Birthday Blessings

I am officially 26! … I have graduated from the bracket of age 18-24, occasionally 18-25.  Apparently I’m not truly “old” or in my “late 20s” until I’m 27.

I feel really lucky to have wonderful family and friends to make me feel loved.  Even though one could argue that my quality of life has gotten worse, that is only physically.  Mentally, I’ve become stronger, not without the help of therapy.  My perspective on life has changed, and I’ve grown more hopeful and better enough to fight for a future that could improve my possibilities of things I could experience, a life that I had only imagined since I’d grown up.  I’d be able to run, hang out with friends an entire day without feeling exhausted, I’d never feel short of breath again from walking a couple blocks or walking up stairs, and I’d never have to feel that dizzy, wobbly, bursted feeling whenever I did try to push that boundary.

I was pretty satisfied with a casual hangout with my college friends last weekend, and determined to enjoy the present for all the happiness it offered.  I kept getting expected and unexpected love, which included 3 delicious cakes, two books, a Nintendo Switch, a Nordstrom gift card, a heated blanket, balloons, flowers, and a lovely Cajun style seafood dinner with family.

My heart is full, and all these memories just remind me not to take anything for granted, and to keep trying my best for an optimal future with the people who matter most.

P.S. Got another last minute visit from my friend and her baby today (Tuesday)!  He is growing up so fast, this is my first time seeing a baby every couple months, and it’s crazy to me how quickly he picks up things and how beautiful of a child he is.  I also have firsthand appreciation of a mother’s full-time work in looking after another human being.  They gave me an orchid plant and another birthday balloon!  Whoo-hoo.  For reals, most of my life I was bitter and resentful of anyone who I thought was a friend but ended up not being there for me.  It may be because of my change in perspective, but all I feel is joy in mattering in other people’s lives, and that I have friends who offer to drive me to UPenn at all touches me.  We don’t know if we have another minute, day, week, years, or a lifetime to spend with our loved ones.  I’d always been on a rush to live as fully as possible whenever my body allowed me, and it only makes me more determined to live longer and healthier because now I have fully understood the meaning of life and my place on this earth, and I will not take it for granted if I had a second chance.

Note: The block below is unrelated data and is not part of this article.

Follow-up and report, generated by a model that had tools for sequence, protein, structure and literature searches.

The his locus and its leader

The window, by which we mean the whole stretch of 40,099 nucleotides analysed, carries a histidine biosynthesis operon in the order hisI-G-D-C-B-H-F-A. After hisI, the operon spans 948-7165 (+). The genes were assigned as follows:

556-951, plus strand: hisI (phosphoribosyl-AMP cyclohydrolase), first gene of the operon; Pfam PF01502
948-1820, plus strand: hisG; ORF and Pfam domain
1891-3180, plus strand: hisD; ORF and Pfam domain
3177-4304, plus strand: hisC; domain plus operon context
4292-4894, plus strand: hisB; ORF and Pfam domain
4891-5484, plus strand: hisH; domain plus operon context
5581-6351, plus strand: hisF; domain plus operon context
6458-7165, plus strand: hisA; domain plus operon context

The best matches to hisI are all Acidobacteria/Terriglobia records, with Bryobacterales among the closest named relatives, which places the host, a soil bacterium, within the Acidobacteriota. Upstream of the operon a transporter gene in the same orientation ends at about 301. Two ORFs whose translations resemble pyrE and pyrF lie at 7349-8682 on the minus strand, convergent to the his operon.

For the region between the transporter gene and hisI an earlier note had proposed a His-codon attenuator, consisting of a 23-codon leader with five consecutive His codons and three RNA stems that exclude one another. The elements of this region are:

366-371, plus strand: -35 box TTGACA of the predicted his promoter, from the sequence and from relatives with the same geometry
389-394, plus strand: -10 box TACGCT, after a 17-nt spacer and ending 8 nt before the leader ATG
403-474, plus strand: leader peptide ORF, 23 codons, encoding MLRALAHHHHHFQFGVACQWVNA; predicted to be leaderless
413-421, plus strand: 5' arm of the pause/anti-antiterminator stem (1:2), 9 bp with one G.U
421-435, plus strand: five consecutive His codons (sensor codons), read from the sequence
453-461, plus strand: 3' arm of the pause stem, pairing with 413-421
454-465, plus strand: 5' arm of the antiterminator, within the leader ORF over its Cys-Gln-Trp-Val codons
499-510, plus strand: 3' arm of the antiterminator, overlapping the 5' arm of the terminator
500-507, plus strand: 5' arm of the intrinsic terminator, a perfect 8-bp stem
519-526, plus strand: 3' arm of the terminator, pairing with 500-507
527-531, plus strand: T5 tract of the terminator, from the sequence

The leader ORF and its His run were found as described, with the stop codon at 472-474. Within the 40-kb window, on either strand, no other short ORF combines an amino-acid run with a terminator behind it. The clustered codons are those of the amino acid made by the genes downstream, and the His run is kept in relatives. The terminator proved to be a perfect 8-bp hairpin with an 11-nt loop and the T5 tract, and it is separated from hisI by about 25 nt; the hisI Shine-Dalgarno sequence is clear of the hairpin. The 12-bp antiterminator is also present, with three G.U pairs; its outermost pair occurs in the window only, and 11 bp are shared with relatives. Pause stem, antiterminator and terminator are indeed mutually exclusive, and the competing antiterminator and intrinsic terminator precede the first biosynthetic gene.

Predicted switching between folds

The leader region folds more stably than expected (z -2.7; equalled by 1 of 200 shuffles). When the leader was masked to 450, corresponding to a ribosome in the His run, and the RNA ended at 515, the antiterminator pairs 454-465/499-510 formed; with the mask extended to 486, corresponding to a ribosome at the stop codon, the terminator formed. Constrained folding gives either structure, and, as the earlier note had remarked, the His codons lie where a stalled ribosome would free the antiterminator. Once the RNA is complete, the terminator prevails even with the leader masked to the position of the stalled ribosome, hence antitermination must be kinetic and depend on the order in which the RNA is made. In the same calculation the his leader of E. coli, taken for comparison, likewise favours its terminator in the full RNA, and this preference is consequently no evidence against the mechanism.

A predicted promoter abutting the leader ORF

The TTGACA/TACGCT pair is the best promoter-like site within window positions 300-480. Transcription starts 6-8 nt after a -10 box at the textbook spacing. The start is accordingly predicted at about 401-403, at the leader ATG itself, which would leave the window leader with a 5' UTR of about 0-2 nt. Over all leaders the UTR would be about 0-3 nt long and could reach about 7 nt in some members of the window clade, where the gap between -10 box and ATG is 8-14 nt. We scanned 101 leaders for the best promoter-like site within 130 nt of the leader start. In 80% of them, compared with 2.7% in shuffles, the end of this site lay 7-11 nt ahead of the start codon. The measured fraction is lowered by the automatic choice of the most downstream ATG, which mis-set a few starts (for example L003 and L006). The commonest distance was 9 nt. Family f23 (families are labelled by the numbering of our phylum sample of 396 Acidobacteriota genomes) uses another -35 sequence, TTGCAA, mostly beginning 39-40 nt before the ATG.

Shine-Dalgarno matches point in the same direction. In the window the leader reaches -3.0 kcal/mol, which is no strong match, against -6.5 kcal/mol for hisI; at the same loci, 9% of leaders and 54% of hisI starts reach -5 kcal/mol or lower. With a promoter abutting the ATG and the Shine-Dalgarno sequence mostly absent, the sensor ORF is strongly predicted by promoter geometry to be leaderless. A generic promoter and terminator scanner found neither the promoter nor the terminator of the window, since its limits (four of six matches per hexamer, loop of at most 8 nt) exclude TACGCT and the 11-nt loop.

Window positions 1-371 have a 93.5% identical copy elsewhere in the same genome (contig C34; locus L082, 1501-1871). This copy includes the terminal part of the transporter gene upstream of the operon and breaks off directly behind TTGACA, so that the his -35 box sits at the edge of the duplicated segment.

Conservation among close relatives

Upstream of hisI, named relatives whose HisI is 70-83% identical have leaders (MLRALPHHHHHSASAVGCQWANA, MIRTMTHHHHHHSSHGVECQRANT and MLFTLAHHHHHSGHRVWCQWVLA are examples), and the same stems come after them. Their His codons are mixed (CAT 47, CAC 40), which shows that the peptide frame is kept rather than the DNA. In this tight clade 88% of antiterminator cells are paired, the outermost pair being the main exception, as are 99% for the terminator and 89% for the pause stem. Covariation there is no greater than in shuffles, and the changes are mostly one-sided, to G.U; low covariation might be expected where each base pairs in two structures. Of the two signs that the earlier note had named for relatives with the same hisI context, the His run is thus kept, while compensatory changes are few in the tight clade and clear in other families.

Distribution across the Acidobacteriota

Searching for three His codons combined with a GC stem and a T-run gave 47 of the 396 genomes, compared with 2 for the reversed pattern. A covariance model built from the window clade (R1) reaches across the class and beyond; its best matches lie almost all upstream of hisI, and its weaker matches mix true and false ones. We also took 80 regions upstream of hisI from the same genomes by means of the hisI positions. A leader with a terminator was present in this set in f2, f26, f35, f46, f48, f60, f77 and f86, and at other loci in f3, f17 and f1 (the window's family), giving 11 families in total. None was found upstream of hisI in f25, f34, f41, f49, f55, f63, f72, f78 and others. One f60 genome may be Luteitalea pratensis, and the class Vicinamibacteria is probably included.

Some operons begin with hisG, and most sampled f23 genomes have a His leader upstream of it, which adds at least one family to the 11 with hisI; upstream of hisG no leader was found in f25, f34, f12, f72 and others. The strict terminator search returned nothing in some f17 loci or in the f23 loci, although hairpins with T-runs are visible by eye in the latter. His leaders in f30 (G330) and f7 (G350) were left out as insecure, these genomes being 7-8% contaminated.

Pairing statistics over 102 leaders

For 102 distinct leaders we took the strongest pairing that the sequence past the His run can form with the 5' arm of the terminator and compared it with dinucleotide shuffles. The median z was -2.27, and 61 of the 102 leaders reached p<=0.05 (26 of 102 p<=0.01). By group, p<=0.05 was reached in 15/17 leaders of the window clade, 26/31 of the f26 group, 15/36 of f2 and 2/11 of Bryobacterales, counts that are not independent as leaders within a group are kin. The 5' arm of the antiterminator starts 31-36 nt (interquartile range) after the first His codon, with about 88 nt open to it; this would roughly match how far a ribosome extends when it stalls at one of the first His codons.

To-Do Now / Bucket List Post Transplant

BUCKET LIST POST TRANSPLANT

  • Skydiving (maybe, we’ll see what the doctors say)
  • Play with a baby elephant
  • Dance classes
  • Make a vocal cover
  • Travel as much as possible – one trip with friends, as many with family as possible (see future blog post on destinations, particularly landmarks)
  • live in NYC for 1+ month
  • Check out Wicked on Broadway
  • Go hiking, just cause I can
  • Taekwondo (maybe)
  • Get a high paying job – buy my parents a really nice present (trip abroad?? Celine Dion concert??)

TO-DO NOW

  • Continue learning Korean
  • Watch Hasan Minhaj Netflix special, learn more about Saudi Arabia women’s rights
  • Continue UN online volunteering
  • Learn more SQL / data science things / Tableau
  • Read up on 2020 presidential candidates
  • Do some basic leg exercises
  • Try to gain some weight
  • … other useless things I should not to-do… like The Bachelor (darn you, Erin!), mukbangs, and Toon Blast

Lung Questions and Stresses

  1. Since my diagnosis is obliterans bronchiolitis, with a lung transplant, technically should be cured?
  2. Would the lung function immediately be high, or would it be low and slowly improve over time?
  3. Two incisions under boob (video assisted thoracic surgery?  or one across?  Dr. Cantu had mentioned two incisions which heals faster)
  4. How would we know when we can go off the ventilator?
  5. Are we very conscious the days following surgery?
  6. Chest tubes I heard are painful ?
  7. Dr. lee mentioned some improvements made since the time I got evaluated 2 years ago- can you give me some more info on that?
  8. Support group —> particularly for parents; and info session link.
  9. How would the cold affect my new lungs?  i know sick people are risky, how would that compare to cold weather?
  10. Dr. lee would present to case, then would i be activated on the list?
  11. When we get the call for a lung transplant, do we get to know what the age is of the donor, besides high-risk factors?  What are the determinations for a qualified donor lung?
  12. What is the opinion of the lung transplant’s team ?
  13. Can I go skydiving?

215 662 6200, press 3 for lung team

Emergency call 215 662 4000, ask to be connected to provider on call.